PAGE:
Tuesday, February 26, 2019

Remembering Trees Lost

The local council is widening a road near me.  Road widening means the trees have to go to make way for bitumen, road infrastructure, and cars (including mine).

Natural habitats will always be at the mercy of human needs.  But in this case, I felt very emotional about one particular tree.  It was a beautiful eucalypt, tall and old, but healthy and resilient even though it was close to the road and a busy intersection.  Then as they started the road works, I noted it was on the wrong side of the construction fencing.  And that means its days were numbered.  This made me very sad as I reflected on its fate.  Then one day it was gone.

This event has inspired me to start working on a new series of monotypes.  My idea is to do multiple mini prints using individual leaves, employing repetition as a form of meditation.  Each leaf print will act as a metaphor for my desire to hold onto the memory of those trees, as if I'm trying not to forget them, and to remember the joy they gave me as I drove through that avenue of majestic gums.

I started working on these prints whilst on holidays at the coast. My print studio as always comes on holiday with me, this time I was able to set up my Xcut printer on the kitchen benchtop, so I had sea views as I worked.  I also used my holiday time to ride my bicycle to local bushland to collect leaves to print with.  I wanted to find ones that had character and would do justice to my idea.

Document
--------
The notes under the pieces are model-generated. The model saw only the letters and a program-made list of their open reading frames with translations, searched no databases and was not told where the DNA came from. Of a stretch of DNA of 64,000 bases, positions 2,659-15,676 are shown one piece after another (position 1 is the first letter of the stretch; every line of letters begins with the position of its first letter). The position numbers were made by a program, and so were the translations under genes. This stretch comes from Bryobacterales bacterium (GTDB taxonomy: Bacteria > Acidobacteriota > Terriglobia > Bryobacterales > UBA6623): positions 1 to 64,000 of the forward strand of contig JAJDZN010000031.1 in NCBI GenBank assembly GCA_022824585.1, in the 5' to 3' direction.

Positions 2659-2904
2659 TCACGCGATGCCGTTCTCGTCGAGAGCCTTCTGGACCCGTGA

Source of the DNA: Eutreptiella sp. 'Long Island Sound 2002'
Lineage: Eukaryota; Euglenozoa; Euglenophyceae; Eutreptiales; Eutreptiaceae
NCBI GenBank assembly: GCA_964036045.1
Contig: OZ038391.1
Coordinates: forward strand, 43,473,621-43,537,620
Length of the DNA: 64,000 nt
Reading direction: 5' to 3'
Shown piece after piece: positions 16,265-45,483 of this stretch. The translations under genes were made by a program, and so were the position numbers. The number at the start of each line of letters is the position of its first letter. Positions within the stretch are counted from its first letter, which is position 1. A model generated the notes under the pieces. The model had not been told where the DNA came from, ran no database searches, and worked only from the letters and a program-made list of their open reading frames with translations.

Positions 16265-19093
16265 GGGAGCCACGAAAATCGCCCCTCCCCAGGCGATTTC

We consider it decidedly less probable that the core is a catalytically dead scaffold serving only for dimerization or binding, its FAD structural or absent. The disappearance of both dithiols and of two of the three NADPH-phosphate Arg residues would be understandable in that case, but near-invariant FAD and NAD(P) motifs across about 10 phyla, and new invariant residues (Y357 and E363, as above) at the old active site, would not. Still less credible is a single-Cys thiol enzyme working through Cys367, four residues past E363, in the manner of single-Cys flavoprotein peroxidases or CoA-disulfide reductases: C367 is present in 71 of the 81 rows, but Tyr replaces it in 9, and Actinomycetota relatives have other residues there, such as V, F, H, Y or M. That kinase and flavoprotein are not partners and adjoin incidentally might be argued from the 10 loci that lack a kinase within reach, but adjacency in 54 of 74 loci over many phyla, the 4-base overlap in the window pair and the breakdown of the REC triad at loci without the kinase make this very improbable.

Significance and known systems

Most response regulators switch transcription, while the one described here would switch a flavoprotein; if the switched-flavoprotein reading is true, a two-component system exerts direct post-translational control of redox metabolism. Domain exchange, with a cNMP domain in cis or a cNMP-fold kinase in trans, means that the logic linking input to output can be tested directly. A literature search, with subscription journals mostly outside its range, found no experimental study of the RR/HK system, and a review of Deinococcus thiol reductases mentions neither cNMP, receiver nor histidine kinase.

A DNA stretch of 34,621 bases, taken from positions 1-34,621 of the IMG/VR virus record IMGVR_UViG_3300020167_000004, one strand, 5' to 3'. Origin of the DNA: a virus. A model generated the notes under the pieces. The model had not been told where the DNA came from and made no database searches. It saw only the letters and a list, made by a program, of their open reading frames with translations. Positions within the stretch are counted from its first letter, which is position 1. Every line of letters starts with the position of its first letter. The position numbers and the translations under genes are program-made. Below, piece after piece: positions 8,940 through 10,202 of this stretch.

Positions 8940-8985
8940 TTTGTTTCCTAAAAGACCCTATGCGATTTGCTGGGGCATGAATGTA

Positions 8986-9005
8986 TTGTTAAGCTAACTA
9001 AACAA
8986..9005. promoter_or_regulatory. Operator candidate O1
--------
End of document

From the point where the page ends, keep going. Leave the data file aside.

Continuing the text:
I've ended up with a large selection of prints, I'm thinking that I will create a series of two or three artworks, loosely titled 'Memory of Trees' or 'Meditation on Trees'.    Through my artwork I will remember those trees, in particular that tall majestic gum on the wrong side of the fence. 

My art studio in the kitchen of our unit.

Printing on the Xcut.

The view from our unit.  

Out mountain biking, collecting leaves.
Can you see the Lace Monitor on the tree behind me?

Some of the leaf prints, I love repetition in monoprinting,
as every print is different.

Pulling the print and seeing the image is
so exciting!

The ghost image on the plate, held
up to the light... beautiful!

Another magical print.  I LOVE monoprinting!

I love how the leaf develops some gorgeous colours too.


  1. Hello Sandra, I'm having the same distress here, watching magnificent eucy trees go down for infrastructure. Personally I'd prefer to drive around trees than have them cut down. Love your work. ARe you using your xcut with a geli plate to make those prints? Must be a v strong plate! cheers, Cher McGrath

    1. Hi Cher. Unfortunately the car takes precedence over the trees, so I try and ride my bike to the shops when I can to reduce traffic on the roads. I don't use the Xcut with my gelli plate. The bed for the Xcut is supplied with it, its like chopping board material. The poor gelli plate would be squished if I used it in the Xcut, the gelli plate doesn't need too much pressure to print, just your hand is enough.

  2. Yes, I do geli prints [& I have a lovely little Xcut too], so I was wondering how you could use the Xcut [unless your plate was a bought one - silicon]. Just that Pic No2 of the series shows you pulling a print off a plate, resting on the Xcut, & I leapt to a conclusion. I thought Wheweeee! That's pretty interesting :/ cheers.

    1. Cher, check out the facebook group 'Craft Press Printmakers' to reveal the wonder of using die-cut machines as an alternative to an etching press. Even more fun than gelli printing!